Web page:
Bowing to serious public pressure, President Trump clarified his statements two days later on the Monday, specifically calling out the extremist groups involved: “Racism is evil, and those who cause violence in its name are criminals and thugs, including KKK, neo-Nazis, white supremacists, and other hate groups are repugnant to everything we hold dear as Americans. Those who spread violence in the name of bigotry strike at the very core of America.”

Though delivered reluctantly, the statement seemed to somewhat defuse the situation. However, just one day later, Trump bizarrely backtracked, reverting to his previous statement and again equating the counter-protestors with the extreme-right groups they were protesting against. This is when things began to snowball, as three more CEOs announced their resignations in light of the President’s behaviour.

At the centre of a storm of controversy and with support from industry and the public quickly waning, Trump attempted to end the debacle by dismantling the manufacturing council and its sister incarnation, the Strategy and Policy Forum, with a tweet: “Rather than putting pressure on the businesspeople of the Manufacturing Council & Strategy & Policy Forum, I am ending both. Thank you all!”

Less than 15 minutes later, the only other pharma representative on the already defunct board, J&J’s CEO, Alex Gorsky, announced his resignation, despite the previous statement that he wouldn’t in order to “represent the values of Our Credo as crucial public policy is discussed and developed”.

In a statement outlining his decision, Gorsky said: “Johnson & Johnson has a responsibility to remain engaged as important policy decisions are made. That hasn't changed. The President’s most recent statements equating those who are motivated by race-based hate with those who stand up against hatred is unacceptable and has changed our decision to participate in the White House Manufacturing Advisory Council. We will continue to support, advocate and champion policies and programmes that make this country and the world healthier, stronger and more united.”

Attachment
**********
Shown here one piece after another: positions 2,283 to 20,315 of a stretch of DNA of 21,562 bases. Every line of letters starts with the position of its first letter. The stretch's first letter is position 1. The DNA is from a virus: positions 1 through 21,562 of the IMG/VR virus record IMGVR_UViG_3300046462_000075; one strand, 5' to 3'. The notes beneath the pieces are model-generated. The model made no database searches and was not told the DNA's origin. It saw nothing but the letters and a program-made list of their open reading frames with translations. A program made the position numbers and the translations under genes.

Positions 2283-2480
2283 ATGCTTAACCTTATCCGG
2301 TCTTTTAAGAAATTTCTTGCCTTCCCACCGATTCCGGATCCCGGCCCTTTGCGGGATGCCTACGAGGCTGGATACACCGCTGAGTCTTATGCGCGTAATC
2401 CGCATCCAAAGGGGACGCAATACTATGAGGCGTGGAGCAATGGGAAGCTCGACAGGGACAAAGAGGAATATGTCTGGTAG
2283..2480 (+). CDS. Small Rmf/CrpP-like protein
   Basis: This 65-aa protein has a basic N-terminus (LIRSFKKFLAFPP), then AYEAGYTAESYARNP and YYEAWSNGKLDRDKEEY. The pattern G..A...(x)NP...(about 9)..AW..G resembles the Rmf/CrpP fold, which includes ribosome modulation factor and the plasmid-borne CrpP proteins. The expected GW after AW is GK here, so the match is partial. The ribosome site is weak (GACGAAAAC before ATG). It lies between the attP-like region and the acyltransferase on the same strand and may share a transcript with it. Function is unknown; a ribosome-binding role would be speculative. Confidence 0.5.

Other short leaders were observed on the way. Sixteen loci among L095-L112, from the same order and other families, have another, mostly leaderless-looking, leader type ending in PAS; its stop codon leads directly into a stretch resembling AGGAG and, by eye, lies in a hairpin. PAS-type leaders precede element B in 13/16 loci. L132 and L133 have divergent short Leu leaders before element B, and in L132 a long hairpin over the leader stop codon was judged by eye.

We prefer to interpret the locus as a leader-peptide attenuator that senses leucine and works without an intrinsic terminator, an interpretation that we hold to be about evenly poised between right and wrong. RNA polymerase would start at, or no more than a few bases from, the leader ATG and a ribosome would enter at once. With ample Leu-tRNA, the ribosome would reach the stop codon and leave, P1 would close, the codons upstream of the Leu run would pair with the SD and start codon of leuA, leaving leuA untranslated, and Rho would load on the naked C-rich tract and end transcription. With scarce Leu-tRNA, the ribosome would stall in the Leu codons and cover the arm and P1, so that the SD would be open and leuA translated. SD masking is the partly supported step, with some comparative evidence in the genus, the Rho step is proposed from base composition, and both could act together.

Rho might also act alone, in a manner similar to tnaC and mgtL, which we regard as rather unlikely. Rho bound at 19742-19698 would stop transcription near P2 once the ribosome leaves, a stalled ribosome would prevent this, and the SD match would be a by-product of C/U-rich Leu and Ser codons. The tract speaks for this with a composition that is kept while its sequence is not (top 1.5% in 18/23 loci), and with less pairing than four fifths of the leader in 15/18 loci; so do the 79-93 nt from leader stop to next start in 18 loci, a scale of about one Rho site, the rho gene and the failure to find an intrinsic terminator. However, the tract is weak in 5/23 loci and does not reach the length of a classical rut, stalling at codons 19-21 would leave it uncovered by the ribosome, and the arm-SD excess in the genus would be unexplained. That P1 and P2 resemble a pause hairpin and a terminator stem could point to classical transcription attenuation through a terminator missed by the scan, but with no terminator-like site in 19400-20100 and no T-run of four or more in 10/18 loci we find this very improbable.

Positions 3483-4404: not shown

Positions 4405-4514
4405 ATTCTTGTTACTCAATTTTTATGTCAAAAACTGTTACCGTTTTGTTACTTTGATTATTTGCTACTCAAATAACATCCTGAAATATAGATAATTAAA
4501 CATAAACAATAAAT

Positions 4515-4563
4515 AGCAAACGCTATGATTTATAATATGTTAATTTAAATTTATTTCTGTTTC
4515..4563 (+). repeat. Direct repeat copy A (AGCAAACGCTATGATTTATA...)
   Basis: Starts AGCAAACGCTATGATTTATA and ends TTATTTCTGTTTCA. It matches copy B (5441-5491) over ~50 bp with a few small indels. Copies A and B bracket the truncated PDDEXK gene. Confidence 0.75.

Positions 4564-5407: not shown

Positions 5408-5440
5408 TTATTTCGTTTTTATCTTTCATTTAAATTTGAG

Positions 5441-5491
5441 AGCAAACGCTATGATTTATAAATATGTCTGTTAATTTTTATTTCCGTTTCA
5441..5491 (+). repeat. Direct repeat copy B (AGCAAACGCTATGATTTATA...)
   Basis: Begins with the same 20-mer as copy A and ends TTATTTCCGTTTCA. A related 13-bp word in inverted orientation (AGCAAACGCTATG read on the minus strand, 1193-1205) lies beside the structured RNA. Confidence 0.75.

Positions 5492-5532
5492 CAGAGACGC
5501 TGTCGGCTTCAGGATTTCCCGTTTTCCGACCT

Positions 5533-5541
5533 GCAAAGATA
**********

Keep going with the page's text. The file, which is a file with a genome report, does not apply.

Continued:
The whirlwind set of events, which spanned only a few days, left much in their wake to be examined. While the implications on Trump, his affiliations, his public and professional support, and where the US goes from here are perhaps too numerous to count, the saga illuminated a change in relationship for the pharmaceutical industry.

While in the past Trump had the power to sink shares with a single tweet, as evidenced in reactions to his infamous “getting away with murder” assault on the industry, his tirades here accomplished very little; Wall Street was mostly unfazed by the fallout of Frazier’s exit. Not only were MSD’s stock prices not even dented by the President’s attempts to associate the company with price hiking, they actually rose by just under 1%.

Financial reactions this time round suggest that pharma, and possibly wider industry, no longer fears the president’s influence and criticisms, rendering his outbursts increasingly inert. Furthermore, recent research also suggests that, in a time when the industry is vilified for its extortionate pricing practices, Frazier’s actions actually generated good publicity for pharma, placing the CEO as one of the good guys in the ethical battle raging across the US. How long this will last, and how Trump’s ‘America first’ manufacturing policy will continue from here now that the committee designed to promote it has imploded, remains to be seen.

Matt Fellows